As president from 2001 to 2008 Pervez Musharraf was one of Pakistan's longest-serving rulers. But his All Pakistan Muslim League (APML) is not expected to win more than a handful of seats.

Pakistan Muslim League (Quaid-e-Azam)

The centrist Pakistan Muslim League - Quaid (PML-Q) currently holds 50 seats in the National Assembly.

The PML-Q allied itself with the PPP for much of the 2008-2013 parliamentary term. Many of it members considered it a tumultuous relationship which should come to a permanent end. Large-scale defections are expected if it does not.

The PML-Q and the PML-N resulted from a split in 2002 when President Musharraf was in power and Nawaz Sharif in exile.

The PML-Q claims to trace its lineage to the All India Muslim League of which Muhammad Ali Jinnah - known as Quaid-e-Azam - was the president.

The Muttahida Quami Movement

The Muttahida Quami Movement (MQM), is a Sindh-based secular party whose membership mostly comprises the descendants of Urdu-speaking migrants to Pakistan at the time of the partition of British India in 1947.

It mainly represents the interests of the urban lower and middle classes and the business community in the cities of Karachi and Hyderabad.

The MQM is one of the few political forces in Pakistan whose leadership is not made up of the political elite — several MQM leaders belong to the middle and lower-middle classes.

The Awami National Party

The Awami National Party (ANP) is a left of centre, secular political movement which focuses on Pashtun nationalism and wants improved ties between Pakistan and Afghanistan, India and the US despite its opposition to US drone attacks in the country's tribal areas.

The influx of the Pashtun population to Karachi over the past few years has made the ANP a significant force in the country's financial capital, sometimes putting it into conflict with the MQM.

With its secular standpoint and opposition to appeasing militants, the ANP has been continually targeted in militant attacks, particularly those staged by the Pakistani Taliban.

Jamiat Ulema-e-Islam-Fazl

The Jamiat Ulema-e-Islam-Fazl (JUI-F) is a right-wing religious party led by Maulana Fazlur Rahman that has ideological links to the Deobandi sect of Islam.

Its key constituencies are in Khyber Pakhtunkhwa and Balochistan provinces.

It strongly opposes US drone attacks inside Pakistan's tribal regions and what it calls the government's "pro-American policy".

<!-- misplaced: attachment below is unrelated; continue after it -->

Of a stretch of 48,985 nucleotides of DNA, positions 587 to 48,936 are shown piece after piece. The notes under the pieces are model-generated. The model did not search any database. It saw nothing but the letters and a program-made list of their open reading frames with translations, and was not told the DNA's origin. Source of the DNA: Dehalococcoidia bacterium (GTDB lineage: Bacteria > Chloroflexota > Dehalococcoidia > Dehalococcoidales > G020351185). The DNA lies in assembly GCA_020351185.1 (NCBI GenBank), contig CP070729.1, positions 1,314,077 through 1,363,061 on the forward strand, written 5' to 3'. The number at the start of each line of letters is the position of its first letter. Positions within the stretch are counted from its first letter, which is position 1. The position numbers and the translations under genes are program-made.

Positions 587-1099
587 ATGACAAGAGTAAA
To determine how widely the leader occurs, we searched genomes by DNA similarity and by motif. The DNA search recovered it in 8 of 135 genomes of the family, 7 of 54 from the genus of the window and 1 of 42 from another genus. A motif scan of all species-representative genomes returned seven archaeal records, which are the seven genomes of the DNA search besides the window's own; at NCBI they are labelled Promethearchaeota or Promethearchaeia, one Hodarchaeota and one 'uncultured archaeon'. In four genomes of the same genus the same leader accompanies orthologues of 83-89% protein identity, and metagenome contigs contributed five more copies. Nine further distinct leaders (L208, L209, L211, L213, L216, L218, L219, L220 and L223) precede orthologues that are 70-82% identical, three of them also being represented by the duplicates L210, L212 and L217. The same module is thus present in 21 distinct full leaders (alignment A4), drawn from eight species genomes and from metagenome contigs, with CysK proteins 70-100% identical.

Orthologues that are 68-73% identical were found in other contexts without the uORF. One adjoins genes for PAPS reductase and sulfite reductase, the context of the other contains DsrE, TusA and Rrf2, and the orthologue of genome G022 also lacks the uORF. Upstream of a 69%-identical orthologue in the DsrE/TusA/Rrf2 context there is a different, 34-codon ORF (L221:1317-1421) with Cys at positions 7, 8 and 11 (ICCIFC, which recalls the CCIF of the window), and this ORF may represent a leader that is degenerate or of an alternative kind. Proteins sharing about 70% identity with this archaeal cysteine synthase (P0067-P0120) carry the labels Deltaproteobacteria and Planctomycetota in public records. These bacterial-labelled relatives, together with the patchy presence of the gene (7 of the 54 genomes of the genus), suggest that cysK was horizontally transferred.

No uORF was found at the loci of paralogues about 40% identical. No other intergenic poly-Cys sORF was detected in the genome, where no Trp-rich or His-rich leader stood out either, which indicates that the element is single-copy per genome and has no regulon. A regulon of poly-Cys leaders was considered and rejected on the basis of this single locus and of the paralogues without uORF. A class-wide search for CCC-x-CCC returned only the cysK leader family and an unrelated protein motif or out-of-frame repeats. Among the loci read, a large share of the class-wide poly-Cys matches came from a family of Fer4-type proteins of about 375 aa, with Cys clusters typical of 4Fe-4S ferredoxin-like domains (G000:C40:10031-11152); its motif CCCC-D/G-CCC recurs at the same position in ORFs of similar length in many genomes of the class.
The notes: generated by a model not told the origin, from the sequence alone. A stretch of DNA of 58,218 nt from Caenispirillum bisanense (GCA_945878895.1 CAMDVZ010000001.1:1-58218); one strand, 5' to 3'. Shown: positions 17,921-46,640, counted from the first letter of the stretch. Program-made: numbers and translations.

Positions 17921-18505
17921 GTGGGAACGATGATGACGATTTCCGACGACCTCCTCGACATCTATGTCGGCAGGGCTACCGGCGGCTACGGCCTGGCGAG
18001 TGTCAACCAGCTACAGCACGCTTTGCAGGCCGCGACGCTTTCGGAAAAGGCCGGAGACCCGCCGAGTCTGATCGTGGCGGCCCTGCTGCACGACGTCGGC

After elections of 2008, the JUI-F joined the PPP-led coalition government and remained a part of the federal cabinet until December 2010.


The Jamaat-e-Islami (JI) is a right-wing religious party which is ideologically close to the Middle East-based Muslim Brotherhood.

It was once popular with the Urdu speaking people of Karachi, but it lost support to the MQM in 1980s.

Since then it has survived in electoral politics only through various alliances with the right-wing conservative forces.

Considered to be the best organised party in the country, militants linked to the JI have been deeply involved in the wars in Afghanistan and Indian-administered Kashmir.

Its best years were under Qazi Hussain Ahmad, a charismatic leader with populist appeal who died in January.

The alliance of religious parties of which the JI was a member - the MMA - won more than 50 of the 272 seats in the parliament of 2002 - the best ever performance by a religious alliance.

It boycotted the 2008 elections. This election is the first since 1988 in which the JI is contesting outside of an alliance.

Muttahida Deeni Mahaz

The Muttahida Deeni Mahaz (MDM) is an alliance of five Sunni religious parties. One of its constituents is the The ASWJ, widely seen as the political face of Lashkar-i-Jhangvi, the group blamed for killing hundreds of Shia Muslims all over Pakistan.

The MDM is fielding a number of candidates in central and southern Punjab and has made electoral arrangements with political parties in other provinces.